Anyone who follows me on any form of social media will know that I recently took a trip to Brussels with university- I haven’t stopped posting about it, it was a lovely city and I learned so much whilst I was there! So I thought I’d write a blog post on my experience- Enjoy!
Day one was a full day of travelling, starting at Uni at 6am and arriving in Leuven at 5.30pm. It was a long day! Our first evening in Leuven consisted mainly of eating and sleeping- we unpacked, went for a lovely walk and then found a restaurant that played only Disney songs, which seemed the perfect way to spend our evening meal!
Here is one of the gorgeous spots that we found whilst we were walking, it was lovely!
We spent the morning of our first full day pottering around Leuven and seeing the local sites before heading into Brussels for the afternoon. Once we’d arrived in Brussels (and hunted down the nearest coffee shop, of course!), we visited the European Parliament. When we arrived at parliament, we met Jaqueline Foster MEP, who explained the work that she does and how she imagines Brexit to pan out. Jaqueline Foster is a conservative MEP with a particular interest in tourism and travel. Her day to day work involves meetings with different organisations, travelling between her home near Liverpool, over to Brussels, and occasionally off to Strasbourg too- she’s an extremely busy lady! When asked about her views on Brexit, she suggested that she didn’t think there would be as much change as is predicted- due to the fact that a lot of European Union laws are within UK constitutional law! Which was very reassuring for those of us who voted remain! It was extremely interesting to listen to Jaqueline Foster speak and understand the importance of her role within the European Parliament.
Our third day in Brussels was spent visiting the European Commission for the morning and the afternoon was spent visiting the Economic and Social Committee. I learned about the role of the European Commission as the political executive of the EU and how it communicates with the other institutions of the European Union. The commission’s main purpose is to co-legislate and propose legislation, it also plays a role in infringement proceedings. The commission is also required to provide regular written feedback on European Economic and Social Committee (EESC) opinions. This was extremely helpful when it came to visiting the Economic and Social committee as I understood how the different institutions worked together and what their roles were and how the Economic and Social Committee fits into that. I must admit, I wasn’t fully aware of the role of the Economic and Social committee until this visit, however I now fully appreciate all that it does. The Economic and social committee of the European Union acts as the voice of civil society within Europe, offering opinions and reports in response to proposed EU policies and feeds into the decision making process between the Commission and other co-legislators. It has 6 sections to its covering areas such as economy, transport, the single market etc and its members are not active in all areas but pick one or two areas that they have a particular interest in. I found this talk particularly interesting as I was completely unaware of the role of the EESC, the areas that it works in, how it works, and how it fits with other EU institutions.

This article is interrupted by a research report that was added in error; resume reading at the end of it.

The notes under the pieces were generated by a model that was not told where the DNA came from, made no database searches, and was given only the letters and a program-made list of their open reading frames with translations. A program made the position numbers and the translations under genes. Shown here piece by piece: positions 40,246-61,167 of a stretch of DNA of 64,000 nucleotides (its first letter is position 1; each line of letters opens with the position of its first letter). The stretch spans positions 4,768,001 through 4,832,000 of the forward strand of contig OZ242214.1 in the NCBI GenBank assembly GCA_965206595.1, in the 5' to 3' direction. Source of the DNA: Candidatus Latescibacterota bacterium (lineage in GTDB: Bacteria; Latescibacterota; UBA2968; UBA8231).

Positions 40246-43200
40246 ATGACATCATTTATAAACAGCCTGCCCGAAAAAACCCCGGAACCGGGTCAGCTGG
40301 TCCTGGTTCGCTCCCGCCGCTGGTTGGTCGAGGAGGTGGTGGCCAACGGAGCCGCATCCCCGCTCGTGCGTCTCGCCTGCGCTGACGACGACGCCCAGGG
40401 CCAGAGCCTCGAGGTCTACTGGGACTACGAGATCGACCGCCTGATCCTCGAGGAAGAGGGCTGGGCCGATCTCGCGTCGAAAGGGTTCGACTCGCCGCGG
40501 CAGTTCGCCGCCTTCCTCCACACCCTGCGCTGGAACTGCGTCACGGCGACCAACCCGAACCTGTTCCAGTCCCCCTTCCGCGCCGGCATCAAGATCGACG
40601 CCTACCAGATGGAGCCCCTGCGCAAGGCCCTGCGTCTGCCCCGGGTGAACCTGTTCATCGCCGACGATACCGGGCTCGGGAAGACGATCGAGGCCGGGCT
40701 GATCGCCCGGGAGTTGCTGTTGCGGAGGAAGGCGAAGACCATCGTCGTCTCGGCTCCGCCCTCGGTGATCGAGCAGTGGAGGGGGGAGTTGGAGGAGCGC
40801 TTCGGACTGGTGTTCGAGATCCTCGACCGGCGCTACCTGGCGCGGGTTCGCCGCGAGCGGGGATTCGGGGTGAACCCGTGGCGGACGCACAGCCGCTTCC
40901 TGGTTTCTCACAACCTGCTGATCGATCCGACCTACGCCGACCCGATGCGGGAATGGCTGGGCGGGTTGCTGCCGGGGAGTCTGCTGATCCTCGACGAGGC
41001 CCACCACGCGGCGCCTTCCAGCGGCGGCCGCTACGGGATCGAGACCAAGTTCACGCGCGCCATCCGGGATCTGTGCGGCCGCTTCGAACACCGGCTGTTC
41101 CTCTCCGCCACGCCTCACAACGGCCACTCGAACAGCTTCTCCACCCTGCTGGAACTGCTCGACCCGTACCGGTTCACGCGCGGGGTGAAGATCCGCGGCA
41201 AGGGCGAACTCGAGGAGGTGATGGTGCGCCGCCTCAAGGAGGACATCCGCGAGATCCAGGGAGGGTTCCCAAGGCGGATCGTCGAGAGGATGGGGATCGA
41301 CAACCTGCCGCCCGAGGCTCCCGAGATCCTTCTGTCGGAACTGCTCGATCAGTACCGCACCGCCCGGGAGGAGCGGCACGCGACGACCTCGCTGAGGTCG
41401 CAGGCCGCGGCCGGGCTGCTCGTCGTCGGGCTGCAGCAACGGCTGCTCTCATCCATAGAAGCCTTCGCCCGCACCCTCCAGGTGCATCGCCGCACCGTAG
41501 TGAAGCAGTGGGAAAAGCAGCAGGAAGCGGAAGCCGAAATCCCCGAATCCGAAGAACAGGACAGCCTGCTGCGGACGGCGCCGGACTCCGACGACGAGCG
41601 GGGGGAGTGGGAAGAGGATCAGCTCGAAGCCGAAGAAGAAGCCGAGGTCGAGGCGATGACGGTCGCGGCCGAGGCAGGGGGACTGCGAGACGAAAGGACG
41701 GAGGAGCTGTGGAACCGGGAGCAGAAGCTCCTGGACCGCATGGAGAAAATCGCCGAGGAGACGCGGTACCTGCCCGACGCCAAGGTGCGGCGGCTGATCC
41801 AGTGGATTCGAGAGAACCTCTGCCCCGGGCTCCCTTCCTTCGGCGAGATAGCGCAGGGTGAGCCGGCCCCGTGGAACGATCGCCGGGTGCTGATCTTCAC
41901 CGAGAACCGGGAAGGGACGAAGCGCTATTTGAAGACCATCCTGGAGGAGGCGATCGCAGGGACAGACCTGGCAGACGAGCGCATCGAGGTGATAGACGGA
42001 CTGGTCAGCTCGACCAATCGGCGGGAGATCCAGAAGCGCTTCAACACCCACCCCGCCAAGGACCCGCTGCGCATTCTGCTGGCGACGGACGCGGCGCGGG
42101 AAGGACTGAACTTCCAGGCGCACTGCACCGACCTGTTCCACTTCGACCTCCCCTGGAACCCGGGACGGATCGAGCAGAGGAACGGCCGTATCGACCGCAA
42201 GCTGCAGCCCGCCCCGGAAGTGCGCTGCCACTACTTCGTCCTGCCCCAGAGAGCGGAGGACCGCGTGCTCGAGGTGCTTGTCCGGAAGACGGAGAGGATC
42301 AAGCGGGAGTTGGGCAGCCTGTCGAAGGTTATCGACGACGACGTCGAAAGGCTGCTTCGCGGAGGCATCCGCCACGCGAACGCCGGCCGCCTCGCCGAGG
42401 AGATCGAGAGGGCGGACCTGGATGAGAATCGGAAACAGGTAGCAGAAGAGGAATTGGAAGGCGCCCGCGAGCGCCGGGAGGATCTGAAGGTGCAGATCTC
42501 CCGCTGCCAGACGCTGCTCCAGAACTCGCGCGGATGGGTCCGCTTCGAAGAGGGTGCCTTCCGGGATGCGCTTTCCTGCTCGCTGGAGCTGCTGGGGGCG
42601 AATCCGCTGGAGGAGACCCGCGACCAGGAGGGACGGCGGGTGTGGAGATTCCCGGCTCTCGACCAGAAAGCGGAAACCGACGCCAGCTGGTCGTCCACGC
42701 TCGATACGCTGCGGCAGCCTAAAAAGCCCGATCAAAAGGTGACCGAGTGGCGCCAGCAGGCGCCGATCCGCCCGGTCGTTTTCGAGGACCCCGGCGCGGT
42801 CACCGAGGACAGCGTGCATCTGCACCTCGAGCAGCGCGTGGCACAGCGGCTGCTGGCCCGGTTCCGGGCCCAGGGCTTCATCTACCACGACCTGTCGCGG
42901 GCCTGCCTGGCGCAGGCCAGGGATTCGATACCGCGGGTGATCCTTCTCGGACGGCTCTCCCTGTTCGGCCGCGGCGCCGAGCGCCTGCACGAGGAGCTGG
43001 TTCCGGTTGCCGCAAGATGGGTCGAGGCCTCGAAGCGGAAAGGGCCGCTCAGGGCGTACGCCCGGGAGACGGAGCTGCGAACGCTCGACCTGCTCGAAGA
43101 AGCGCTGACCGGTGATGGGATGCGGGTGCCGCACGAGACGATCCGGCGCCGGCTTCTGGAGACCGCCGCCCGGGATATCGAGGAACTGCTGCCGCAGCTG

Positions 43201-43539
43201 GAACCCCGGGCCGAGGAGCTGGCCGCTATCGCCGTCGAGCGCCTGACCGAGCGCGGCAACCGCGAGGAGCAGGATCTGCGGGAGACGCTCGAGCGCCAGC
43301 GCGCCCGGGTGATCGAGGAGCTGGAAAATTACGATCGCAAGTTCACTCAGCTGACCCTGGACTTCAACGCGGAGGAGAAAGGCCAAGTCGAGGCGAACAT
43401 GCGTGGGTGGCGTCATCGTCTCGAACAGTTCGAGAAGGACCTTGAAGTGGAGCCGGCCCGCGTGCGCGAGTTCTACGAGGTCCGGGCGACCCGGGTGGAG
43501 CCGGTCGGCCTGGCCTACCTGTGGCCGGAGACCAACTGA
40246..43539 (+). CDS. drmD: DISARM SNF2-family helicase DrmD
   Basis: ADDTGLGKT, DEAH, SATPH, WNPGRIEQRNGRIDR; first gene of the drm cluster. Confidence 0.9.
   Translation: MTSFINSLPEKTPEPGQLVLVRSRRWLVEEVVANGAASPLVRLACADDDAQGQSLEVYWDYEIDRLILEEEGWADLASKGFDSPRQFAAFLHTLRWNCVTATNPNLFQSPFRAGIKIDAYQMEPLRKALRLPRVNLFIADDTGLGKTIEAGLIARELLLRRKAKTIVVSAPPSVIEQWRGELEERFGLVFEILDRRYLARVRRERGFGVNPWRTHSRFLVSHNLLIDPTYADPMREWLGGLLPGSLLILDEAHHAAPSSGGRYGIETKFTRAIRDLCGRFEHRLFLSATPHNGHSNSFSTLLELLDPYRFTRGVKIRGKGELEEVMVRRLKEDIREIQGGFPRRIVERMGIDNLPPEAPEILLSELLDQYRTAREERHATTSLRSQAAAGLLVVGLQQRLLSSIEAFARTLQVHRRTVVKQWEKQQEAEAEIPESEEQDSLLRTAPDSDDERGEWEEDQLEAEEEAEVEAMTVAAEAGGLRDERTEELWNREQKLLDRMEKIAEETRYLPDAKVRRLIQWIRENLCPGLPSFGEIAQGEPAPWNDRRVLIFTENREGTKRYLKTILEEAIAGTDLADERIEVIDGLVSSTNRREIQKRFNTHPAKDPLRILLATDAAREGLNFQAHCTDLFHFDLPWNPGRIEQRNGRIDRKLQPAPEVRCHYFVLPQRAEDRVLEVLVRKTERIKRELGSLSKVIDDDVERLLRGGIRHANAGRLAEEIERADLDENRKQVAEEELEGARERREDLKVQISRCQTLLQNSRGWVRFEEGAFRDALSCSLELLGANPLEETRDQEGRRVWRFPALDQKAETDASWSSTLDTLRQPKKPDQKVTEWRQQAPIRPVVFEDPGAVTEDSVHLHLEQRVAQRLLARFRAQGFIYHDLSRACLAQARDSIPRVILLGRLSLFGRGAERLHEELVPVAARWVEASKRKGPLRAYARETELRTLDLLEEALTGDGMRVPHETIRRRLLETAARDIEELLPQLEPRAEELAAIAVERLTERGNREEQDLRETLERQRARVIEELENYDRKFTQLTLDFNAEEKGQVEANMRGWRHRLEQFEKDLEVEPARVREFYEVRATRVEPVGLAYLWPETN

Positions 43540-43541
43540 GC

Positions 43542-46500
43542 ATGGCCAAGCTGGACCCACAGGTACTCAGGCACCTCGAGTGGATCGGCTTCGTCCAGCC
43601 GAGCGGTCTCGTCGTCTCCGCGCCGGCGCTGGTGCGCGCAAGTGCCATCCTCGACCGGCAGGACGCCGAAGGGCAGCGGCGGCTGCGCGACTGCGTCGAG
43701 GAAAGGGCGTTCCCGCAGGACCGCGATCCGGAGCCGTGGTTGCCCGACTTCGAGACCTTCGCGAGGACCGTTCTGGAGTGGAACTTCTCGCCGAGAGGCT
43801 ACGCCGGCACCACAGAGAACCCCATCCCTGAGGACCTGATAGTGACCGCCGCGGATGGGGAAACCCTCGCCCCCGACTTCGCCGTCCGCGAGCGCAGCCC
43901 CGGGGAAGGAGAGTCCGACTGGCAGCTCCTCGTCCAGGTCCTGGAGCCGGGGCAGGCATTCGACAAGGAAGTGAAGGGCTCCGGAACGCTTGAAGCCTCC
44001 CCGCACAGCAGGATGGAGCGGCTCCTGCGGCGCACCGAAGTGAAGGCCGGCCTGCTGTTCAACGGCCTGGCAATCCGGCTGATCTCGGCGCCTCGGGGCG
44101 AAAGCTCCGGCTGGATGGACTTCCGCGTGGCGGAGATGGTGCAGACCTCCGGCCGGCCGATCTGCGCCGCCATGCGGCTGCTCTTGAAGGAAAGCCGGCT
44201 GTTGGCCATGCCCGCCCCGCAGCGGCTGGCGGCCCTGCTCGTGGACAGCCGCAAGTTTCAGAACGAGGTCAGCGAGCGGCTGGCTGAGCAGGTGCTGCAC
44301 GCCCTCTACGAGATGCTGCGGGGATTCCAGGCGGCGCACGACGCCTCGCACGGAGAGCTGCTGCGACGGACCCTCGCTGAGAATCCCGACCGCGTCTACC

That concludes my time in Brussels. A short trip, but I would love to return. It was an extremely enjoyable trip in which I learned a lot about the European Union and came to appreciate how it works and its role a lot more. Obviously, I couldn’t visit Belgium without trying traditional Belgium waffles and chocolate too, so there was plenty of food consumed on my trip also! I am so glad that I went on this trip and am incredibly grateful to Edge Hill’s Student Opportunity fund scholarship for the chance to attend.